A Pakistani Muslim cleric has said that polio vaccinations are un-Islamic. And such “extremist” clerics are not just in Pakistan: in Nigeria, a Muslim cleric was arrested for playing a role in sparking the murders of polio workers.
“‘We Believed Our Cleric’: Pakistani Polio Victim’s Regretful Father Urges Others To Use Vaccine,” by Ron Synovitz and Ahmad Ullah, Radio Free Europe/Radio Liberty, December 12, 2017 (thanks to The Religion of Peace):
ISLAMABAD — Five-year-old Mohammad Ashar Aziz will never be able to walk without orthopedic leg braces.
The youngest of three brothers from a village near Islamabad, he is one of just 17 children in the world — all of them in Pakistan or Afghanistan — who developed paralysis during 2017 from a wild polio-virus infection.
His father, 41-year-old day laborer Hamid Aziz, is disconsolate because he repeatedly had the chance to immunize Mohammad Ashar for free during the past five years.
Instead, Hamid Aziz says he listened to the advice of a cleric in his village, who announced over loudspeakers of the madrasah, a local Islamic religious school, that the vaccine was “not good” for children’s health, and prevented it from being administered to any of his sons.
Whenever teams of government and international aid workers came to his village as part of a massive polio-eradication campaign, Aziz and his illiterate wife, Huma, hid Mohammad Ashar and his siblings and told the vaccination teams there were no children in their home.
“Why didn’t I give the vaccine to my son?” says Aziz, who quit school at the age of 14 and knew nothing about the polio vaccine.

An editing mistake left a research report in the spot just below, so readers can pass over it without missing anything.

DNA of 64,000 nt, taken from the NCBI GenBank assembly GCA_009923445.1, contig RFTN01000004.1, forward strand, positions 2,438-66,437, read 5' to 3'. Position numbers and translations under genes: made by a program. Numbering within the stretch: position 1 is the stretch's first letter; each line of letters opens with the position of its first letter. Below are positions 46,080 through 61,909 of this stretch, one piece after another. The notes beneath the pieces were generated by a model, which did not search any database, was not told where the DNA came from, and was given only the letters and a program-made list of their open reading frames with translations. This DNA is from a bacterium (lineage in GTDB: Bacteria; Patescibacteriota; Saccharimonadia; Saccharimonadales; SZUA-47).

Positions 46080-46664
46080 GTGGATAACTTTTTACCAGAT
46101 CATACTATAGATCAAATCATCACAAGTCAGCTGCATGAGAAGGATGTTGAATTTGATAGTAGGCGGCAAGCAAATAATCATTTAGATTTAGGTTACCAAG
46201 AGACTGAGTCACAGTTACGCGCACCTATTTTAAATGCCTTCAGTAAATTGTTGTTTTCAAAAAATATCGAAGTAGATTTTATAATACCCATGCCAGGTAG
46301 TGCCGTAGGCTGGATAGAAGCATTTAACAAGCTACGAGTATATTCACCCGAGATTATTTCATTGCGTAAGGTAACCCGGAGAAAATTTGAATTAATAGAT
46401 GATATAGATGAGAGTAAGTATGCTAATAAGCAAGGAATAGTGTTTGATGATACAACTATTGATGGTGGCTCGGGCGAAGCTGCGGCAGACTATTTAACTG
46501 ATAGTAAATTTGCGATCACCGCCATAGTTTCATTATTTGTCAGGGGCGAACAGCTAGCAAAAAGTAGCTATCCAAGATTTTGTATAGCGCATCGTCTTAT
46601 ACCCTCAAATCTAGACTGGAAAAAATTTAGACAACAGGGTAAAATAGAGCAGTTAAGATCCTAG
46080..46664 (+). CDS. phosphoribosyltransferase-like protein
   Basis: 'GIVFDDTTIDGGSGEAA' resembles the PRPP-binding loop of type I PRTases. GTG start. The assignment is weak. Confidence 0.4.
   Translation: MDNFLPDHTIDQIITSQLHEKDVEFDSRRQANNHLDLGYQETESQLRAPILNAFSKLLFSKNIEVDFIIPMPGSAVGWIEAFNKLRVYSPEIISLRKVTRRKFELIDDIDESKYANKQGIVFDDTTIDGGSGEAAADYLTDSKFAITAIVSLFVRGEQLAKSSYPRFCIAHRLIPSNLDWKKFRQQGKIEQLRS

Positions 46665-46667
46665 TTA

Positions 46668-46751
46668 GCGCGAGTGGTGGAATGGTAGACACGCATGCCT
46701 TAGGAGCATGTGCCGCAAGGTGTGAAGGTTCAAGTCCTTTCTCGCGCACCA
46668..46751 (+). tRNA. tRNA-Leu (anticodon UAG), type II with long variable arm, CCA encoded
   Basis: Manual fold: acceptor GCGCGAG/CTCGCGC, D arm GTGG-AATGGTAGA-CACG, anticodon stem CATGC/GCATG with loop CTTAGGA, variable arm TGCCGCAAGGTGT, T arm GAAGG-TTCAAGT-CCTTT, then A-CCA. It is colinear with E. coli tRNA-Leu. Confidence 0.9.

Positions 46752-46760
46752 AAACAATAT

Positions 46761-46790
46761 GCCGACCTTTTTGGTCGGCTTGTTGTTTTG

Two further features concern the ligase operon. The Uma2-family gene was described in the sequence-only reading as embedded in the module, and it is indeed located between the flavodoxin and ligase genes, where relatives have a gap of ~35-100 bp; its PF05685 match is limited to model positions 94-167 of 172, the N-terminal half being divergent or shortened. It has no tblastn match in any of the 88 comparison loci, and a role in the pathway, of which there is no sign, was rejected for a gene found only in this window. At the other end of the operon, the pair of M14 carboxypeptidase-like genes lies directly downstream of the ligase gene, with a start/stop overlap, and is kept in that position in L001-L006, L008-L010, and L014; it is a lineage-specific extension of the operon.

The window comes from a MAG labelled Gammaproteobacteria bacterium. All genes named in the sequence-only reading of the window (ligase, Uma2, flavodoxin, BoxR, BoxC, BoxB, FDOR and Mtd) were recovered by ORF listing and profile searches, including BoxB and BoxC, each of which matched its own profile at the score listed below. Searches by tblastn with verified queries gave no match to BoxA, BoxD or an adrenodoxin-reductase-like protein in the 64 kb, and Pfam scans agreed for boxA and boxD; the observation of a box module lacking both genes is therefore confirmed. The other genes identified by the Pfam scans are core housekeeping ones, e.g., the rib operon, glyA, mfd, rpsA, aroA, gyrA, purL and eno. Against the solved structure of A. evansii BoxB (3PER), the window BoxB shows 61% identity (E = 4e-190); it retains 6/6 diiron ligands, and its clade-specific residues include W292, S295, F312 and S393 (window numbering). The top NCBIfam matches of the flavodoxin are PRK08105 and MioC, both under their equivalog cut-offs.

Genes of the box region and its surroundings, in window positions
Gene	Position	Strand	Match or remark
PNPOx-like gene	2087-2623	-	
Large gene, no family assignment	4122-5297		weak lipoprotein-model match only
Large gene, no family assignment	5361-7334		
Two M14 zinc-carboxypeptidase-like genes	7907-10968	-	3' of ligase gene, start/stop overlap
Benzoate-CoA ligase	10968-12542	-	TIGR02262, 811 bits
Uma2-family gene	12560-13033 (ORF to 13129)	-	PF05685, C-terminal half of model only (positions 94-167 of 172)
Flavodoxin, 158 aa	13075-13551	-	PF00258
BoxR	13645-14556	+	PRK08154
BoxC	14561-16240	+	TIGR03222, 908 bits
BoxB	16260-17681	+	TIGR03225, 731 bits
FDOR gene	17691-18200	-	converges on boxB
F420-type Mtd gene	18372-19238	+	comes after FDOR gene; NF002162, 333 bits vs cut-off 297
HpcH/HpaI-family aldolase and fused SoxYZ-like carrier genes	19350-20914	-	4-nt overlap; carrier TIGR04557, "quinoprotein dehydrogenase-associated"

“We believed what our cleric told us, but now I realize that we’ve not done the right thing for our son,” Aziz tells RFE/RL. “We realize how important it was and that we should have let him get the vaccine.”
Perceptions And Misinformation
Public health studies in Pakistan have shown that maternal illiteracy and low parental knowledge about vaccines — together with poverty and rural residency — are factors that most commonly influence whether children are vaccinated against the polio virus.
Nooran Afridi, a pediatrician at a private clinic in Pakistan’s Khyber tribal region, says one of the biggest obstacles to eradicating polio in Pakistan has been “refusals” stemming from “antipolio propaganda” spread by conservative Islamic clerics in “backward areas.”
One common fallacy in parts of Pakistan and Afghanistan with low literacy rates is that the vaccine sterilizes young boys.
Antipolio propaganda also has been fueled by distrust in Western governments who fund vaccine programs — particularly after the CIA staged a fake hepatitis vaccination campaign in 2011 to confirm the location of Al-Qaeda leader Osama bin Laden in Abbottabad, Pakistan.
Since then, some clerics have even issued fatwas saying that children who become paralyzed or die from polio are “martyrs” because they refused to be tricked by a Western conspiracy.
Taliban militants in both Afghanistan and Pakistan also have propagandized that Western-made vaccines contain pig fat or alcohol, which are both forbidden in Islam.
Pakistan’s Tehrik-i Taliban has used that false claim to justify its killing of more than 80 polio vaccination team workers in Pakistan since a massive polio-eradication effort was launched in 2012….